Bowhunting offers wonderful opportunities to obtain meat, spend time in nature and spend time with family and friends. There’s also potential to shoot a trophy animal. People define trophy animals differently. To some, a trophy is an animal taken with a bow. To others, it has to meet certain size or age requirements. For this article, we’re referring to animals impressive enough to meet record-book standards.
Big game trophy animals are special because they’re rare. In order for an animal to flaunt headgear of a trophy status, it must have good nutrition, good genetics and time to age. Arrowing a trophy animal involves skill, luck and being at the right place at the right time.
To learn more about trophy animals that qualify for (or top) the record books, we spoke with Roy Grace, records chairman of the Pope & Young Club. He also shared a few thoughts on how bowhunters can increase the potential of shooting elusive and majestic trophy animals.
Pope & Young is recognized as the official repository for records on bow-harvested North American big-game animals and sets standards for measuring and scoring North American big game taken with archery equipment. The organization has an extensive record database. It has a free search feature with limited data, but Pope & Young members get access to the full system. Otherwise, people can subscribe to “Trophy Search,” which allows them to search through record animals and sort them by state and species. The organization does publish the world records on its website for all to see.
Speaking of world records, the oldest-standing P&Y world record is Mel Johnson’s 1965 typical whitetail deer, which had a score of 204 4/8 inches. Although that record seems nearly unbreakable, many others are being beaten left and right. In fact, bowhunters broke three world records in 2020, four in 2019 and five in 2018.
In 2021, Pope & Young changed its stance and allowed velvet antlered animals to be eligible for world record status within their own respective categories. As such, the organization gave a world record status to a 2012 velvet typical mule deer, a 2005 velvet central Canada barren ground caribou and a 2021 velvet Sitka blacktail deer.
Grace said there have been “quite a few new world records over the last century.” That makes us wonder, are animals getting bigger, or is something else happening?
According to Grace, it’s likely bowhunters are breaking records by harvesting top-class animals for two reasons:
But Tony Peterson, author of a recent MeatEater article, said technology isn’t a true shortcut to success. He believes these tools can complement a larger strategy, but if a hunter doesn’t have foundational woodsmanship skills, they won’t be as successful. Peterson also believes that social media influences the size of deer that hunters shoot because there’s peer pressure to compete, and many hunters don’t want to post a photo of a small animal.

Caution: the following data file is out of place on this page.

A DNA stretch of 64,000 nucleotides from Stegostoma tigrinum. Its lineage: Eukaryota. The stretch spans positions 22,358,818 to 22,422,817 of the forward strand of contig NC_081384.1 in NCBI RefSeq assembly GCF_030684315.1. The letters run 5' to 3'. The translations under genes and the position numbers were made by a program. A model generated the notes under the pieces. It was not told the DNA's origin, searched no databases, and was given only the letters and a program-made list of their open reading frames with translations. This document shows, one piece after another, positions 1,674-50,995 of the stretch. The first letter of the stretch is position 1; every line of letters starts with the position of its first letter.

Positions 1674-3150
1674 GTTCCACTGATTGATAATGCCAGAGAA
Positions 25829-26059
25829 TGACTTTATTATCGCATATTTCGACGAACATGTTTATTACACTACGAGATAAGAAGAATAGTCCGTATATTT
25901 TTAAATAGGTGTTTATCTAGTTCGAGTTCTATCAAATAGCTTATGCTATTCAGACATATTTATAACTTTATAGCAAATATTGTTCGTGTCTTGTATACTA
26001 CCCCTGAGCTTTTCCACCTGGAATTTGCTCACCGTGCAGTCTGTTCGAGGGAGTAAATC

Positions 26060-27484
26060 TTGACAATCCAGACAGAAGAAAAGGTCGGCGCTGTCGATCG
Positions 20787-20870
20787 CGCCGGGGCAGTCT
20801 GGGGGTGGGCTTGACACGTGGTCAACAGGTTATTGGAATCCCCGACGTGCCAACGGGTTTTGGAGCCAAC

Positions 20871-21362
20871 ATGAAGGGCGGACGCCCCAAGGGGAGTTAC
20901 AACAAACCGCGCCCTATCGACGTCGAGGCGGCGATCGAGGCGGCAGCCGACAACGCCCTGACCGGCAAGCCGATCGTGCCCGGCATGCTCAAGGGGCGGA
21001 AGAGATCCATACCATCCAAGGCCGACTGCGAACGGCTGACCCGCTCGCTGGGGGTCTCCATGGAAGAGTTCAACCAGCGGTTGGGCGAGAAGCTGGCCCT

In order for an animal to grow big in size and flaunt a large set of antlers or horns, it must have proper nutrition and the opportunity to age. Genetics play a factor, too, but in general, young animals that lack nutrition don’t have the ability to meet record book standards.
If you want to shoot animals that make the record book, you must hunt habitats with high-quality food sourcesand decide to shoot only mature animals. Hunters and game managers can influence a deer’s age and nutrition, but they have the most power over age because they can’t make animals eat what they plant or provide, regardless of how nutritious it is.
“(An animal) will never make record book quality if you arrow them before they are big enough,” Grace said. “Hunt mature animals.”
Since white-tailed deer are the species most pursued by bowhunters, followed by black bear, American elk and pronghorn, according to P&Y record book entries, it’s wise to learn how to age an animal in the field. That’s how you’ll determine whether the animal you’re eyeing is old and mature enough to shoot. To start with deer, read the Bowhunters United article “Is It a Shooter? How to Age a Deer.” Then, you can comfortably use the “let them go, let them grow” mentality to increase how often you encounter mature, trophy-status animals.
Although shooting a record book animal is rare, there’s plenty of room in the books if the right-sized critter walks by within bow range!
Pope & Young has minimum standards to qualify for the record book. For example, a typical whitetail must be at least 125 inches; a nontypical must have 155 inches with 15 inches of nontypical antler. A typical American elk must be at least 260 inches; a nontypical must have 300 inches with 20 inches of nontypical antler. P&Y lists the minimum standards for each animal on its website.
If you arrow an animal that you think has record book potential, do a rough score on your own to confirm your suspicions. Then, you must wait 60 days after the kill to let the skull and rack dry. The drying period allows moisture in the antlers to evaporate to get more accurate dimensions. After that, you can contact an official P&Y measurer to set up a scoring appointment. For an animal that meets the entry requirements, the bowhunter can submit the necessary paperwork. If the entry is accepted, the bowhunter will receive a certificate. To learn more about the P&Y record book entry procedure and requirements, click here.
The very notion that trophy animals exist keeps many bowhunters afield year after year, but most hunters also walk away extremely satisfied with the meat and experience obtained from shooting an ordinary animal. That said, the more time you spend afield, the more likely you’ll encounter an animal with record-book potential, especially if you’re disciplined enough to let the small ones walk.